7 The 50,000 watt transmitter shown above is one of the most modern in the nation In the circle to the right is Bill McGlumphy, assistant Chief Engineer, at the controls. )Bill is in charge of transmitter maintenance and it is his job to keep WWVA programs out on the air without interruption. Below is an aerial view of the 163 acre WWVA transmitter site. Planted with over 35,300 pine trees as a soil conservation project the site is also a game refuge. At the right is an officer servicing one of the feeding stations.
8 IGI-I SPOTS Throughout the quarter century WWVA covered the top events as they happened in the Ohio Valley around Wheeling. Here are a few of the many events which found the WWVA microphone reporting. Miss America crowns Miss West Virginia Wheeling Gospel Tabernacle in 1936 flood before raging water swept the structure down stream *, Little WWVA, mobile unit, work horse of many remote broadcasts. The Inquiring Mike, popular WWVA Jamboree feature for many years, was originated by Paul Miller in WWVA made the first and probably only broadcast from the deck of a Navy LST as it traveled down the Ohio River from Pittsburgh. July 28, 1936, one-hundred mile per hour gale destroyed WWVA transmitter towers. Margaret Lowe, WWVA studio control operator during World War II
9 On WWVA's 20th Anniversary, the Wheeling High School band paid WWVA a rare tribute by spelling out WWVA in a football game halftime performance. For the past 23 years the Cooey -Bentz Company has brought Santa Claus to the boys and girls of Wheeling and the hi-state district each yuletide season. The Easter Bunny talks to his many friends over the WWVA microphone. The Wheeling Symphony has been one of the outstanding local music program heard over WWVA A WWVA Float was one of the highlights of the Stone and Thomas I00th Anniversary Parade. In 1939 the WWVA Jamboree toured the tri -state area and played to more than 19,1300 fans in six shows. Here is a typical audience.
10 Tll',ND]LY VOICES JIM WHITAKER is featured on public events, news and record sows. Joined WWVA in Served in the U. S. Airforce. Jim is WWVA News Editor and Farm Director. LEE MOORE is the WWVA Night Owl. He MC's tke Jamboree Party from 11:15 PIV. : o 5:00 AM. Lee has broadcast as s.o entertainer for ninny years. He bermue a staff announcer in January 19i1 LEW CLAWSON, upper left, is WWVA Sports Editor and M.C. of WWVA Jamboree and Musical Clock. Joined WWVA in Served a hitch in the U. S. Navy. Lew also serves as WWVA Continuity Director. WYN SHELDON, a warm and friendly announcer, is welcomed into thousands of homes each day. Wyn's many duties include announcing the Jamboree, newscasting and is featured on the popular Morning Glory show. Joined WWVA in BILL NUZUM was first heard over WWVA March 15, 1944 while still in high school. Served in the U. S. Army as a member of Armed Forces Radio Service in Europe. Returned to WWVA April 7, r e DAVE SWINEHART is best known for his work on the popular 1170 Club and the 11:00 PM News. Joined WWVA in March, His deep mellow voice has won him a host of friends throughout WWVA's listening audience. FRANK SANDERS, staff announcer, is the organist on "Sundown Serenade" and handles Junior Town Meeting. Joined WWVA February Served in U. S. Army. Prior tc wax was heard on WWVA as Radio Director of Oglebay Institute.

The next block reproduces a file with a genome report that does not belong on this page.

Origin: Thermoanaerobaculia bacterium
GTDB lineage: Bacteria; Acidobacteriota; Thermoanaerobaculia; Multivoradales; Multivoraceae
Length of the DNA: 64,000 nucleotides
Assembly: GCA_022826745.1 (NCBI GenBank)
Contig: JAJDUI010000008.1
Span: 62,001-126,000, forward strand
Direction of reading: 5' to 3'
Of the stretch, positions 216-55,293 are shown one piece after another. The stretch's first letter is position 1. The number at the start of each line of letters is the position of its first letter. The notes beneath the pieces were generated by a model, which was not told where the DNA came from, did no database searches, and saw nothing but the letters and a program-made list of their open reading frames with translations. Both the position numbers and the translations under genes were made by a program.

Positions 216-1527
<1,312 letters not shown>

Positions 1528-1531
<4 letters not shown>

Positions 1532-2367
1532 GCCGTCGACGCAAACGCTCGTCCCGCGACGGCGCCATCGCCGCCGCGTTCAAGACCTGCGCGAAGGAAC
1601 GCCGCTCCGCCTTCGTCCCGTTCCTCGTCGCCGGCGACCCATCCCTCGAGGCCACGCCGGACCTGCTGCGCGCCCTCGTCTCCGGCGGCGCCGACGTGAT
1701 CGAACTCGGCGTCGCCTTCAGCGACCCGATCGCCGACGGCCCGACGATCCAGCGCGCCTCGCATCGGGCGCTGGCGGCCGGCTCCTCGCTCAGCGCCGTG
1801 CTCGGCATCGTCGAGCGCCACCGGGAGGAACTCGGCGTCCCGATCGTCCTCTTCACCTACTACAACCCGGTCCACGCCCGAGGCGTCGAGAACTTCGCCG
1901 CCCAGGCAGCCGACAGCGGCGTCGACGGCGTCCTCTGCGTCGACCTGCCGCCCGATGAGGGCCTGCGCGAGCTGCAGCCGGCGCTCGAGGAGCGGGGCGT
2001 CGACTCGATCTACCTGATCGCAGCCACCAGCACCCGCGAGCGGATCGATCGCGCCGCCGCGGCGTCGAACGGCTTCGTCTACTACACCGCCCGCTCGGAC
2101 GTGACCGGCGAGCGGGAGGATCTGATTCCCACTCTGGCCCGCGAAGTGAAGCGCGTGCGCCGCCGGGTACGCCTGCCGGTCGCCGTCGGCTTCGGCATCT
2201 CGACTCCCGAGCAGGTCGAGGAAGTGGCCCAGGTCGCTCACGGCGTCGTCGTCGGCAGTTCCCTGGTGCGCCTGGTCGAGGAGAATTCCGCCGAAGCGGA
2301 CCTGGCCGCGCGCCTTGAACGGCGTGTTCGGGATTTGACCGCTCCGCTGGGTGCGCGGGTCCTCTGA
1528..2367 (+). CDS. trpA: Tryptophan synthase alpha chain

11 WE REM... first WWVA broadcast license on 860 KC issued December 6, parlor of Stroebel residence on National Road scene of first broadcast... the 50 watt transmitter built by Wheeling pioneer John Stroebel was located in the basement of Stroebel home... power gradually increased to 100 watts, 250 watts, and then 500 watts on November 1, 1927 making WWVA one of the strongest stations then on the air... Cooey -Bentz Company was first advertise: with program January 15, WWVA assigned 1160 KC on November 25, 1928 and July 1, 1929 power increased to 5,000 watts... present owners took over management March 19, 1931 and WWVA dedicated new studios in the Hawley Building and joined Columbia Network May on May 30, 1932 the transmitter was moved near West Liberty on highest point in Ohio County, West Virginia... the same year on August 27 first Wheeling Gospel Tabernacle broadcast was made... largest crowd ever to see a show in Wheeling's Capitol Theatre turned out on April 1, 1933 to see WWVA Jamboree which had started on air January 1... everybody saying "Hi Mom and Hi Pop" as Jamboree Inquiring Mike appeared December Jamboree was heard in England and English radio fan presented WWVA with radio recording of broadcast June 14, Columbia Broadcasting Network mail survey.n 1935 showed WWVA top station of CBS network... Charter election in Wheeling June 1935 found WWVA microphone at election headquarters flood relief program centered around WWVA and station remained on the air 92l /. continuous hours... American Red Cross certificate of appreciation for service rendered presented to station on Aprii 6, mile an hour gale completely destroyed station's two 250 foot steel transmitting towers. Engineers were back on the air with temporary antenna within 30 minutes... Centennial Jamboree at Wheeling stadium attracted 5,000 persons in September, first broadcast of Tri -State Farm and Home Hour on September 3 of same year... famous Wheeling Steel employee broadcasts began November 8. Jamboree breaks own attendance records as 7,087 persons see Harvest Home Festival show in October mobile trailer transmitter unit dubbed "Little WWVA"... mobile unit cruises streets as the "Night Owl" interviewing people in their own living rooms in October first Jamboree Tour played six cities and to 19,464 persons in April coast to coast Wheeling Steel broadcasts started November 8th over Mutual network... first WWVA staff member Texas Bill Thomas called into armed services April WWVA moved to present spot on the dial 1170 KC May 28 of following year... station joined Blue network of NBC in June and began full time operation... first and probably only broadcast from a Navy LST sailing down the Ohio river July work on new 50,000 watt transmitter started in August.... De-. December 7, Pearl Harbor - war time broadcasting began... new ultra modern WWVA transmitter went on air October 8, 1942 cember 24 Christmas Mass from St. Joseph's Cathedral on air for first time... Jamboree transcribed and rebroadcast to men in service in Soldiers report WWVA most dependable American broadcasting station heard in European theatre. Germans used powerful transmitters to jam out WWVA signals... Glenn Boundy, WWVA chief engineer then was in charge of all radio for famous Teheran Conference.. 30 WWVA employees enter armed services during war years... Sunday morning Church Time originated from St. James Lutheran Church April 14, one month later a sad day in WWVA's history as station mourned the passing of Managing Director George W. Smith on May 9, Veteran member of WWVA staff - William E. Rine - appointed new managing director... June 15, 1947 station again affiliated with the Columbia Broadcasting network... Junior Town Meeting originated February Easter Bunny interviewed same year... Big Duck featured WWVA float in Stone and Thomes Centennial Parade... Wheeling's' first Frequency Modulation station WWVA -FM on air September 1... first Wheeling television application made by WWVA in March, World Premier of movie Roseanna McCoy in August, hour operation started by WWVA January 2, State of Ohio makes transmitter grounds a state game refuge in February... consecration of Episcopal Coadjutor in May... Junior Town Meeting broadcast to England April installation of Catholic Coadjutor May 1, th anniversary of Farm and Home Hour September closes with preparation of station's 25th Anniversary. plans to celebrate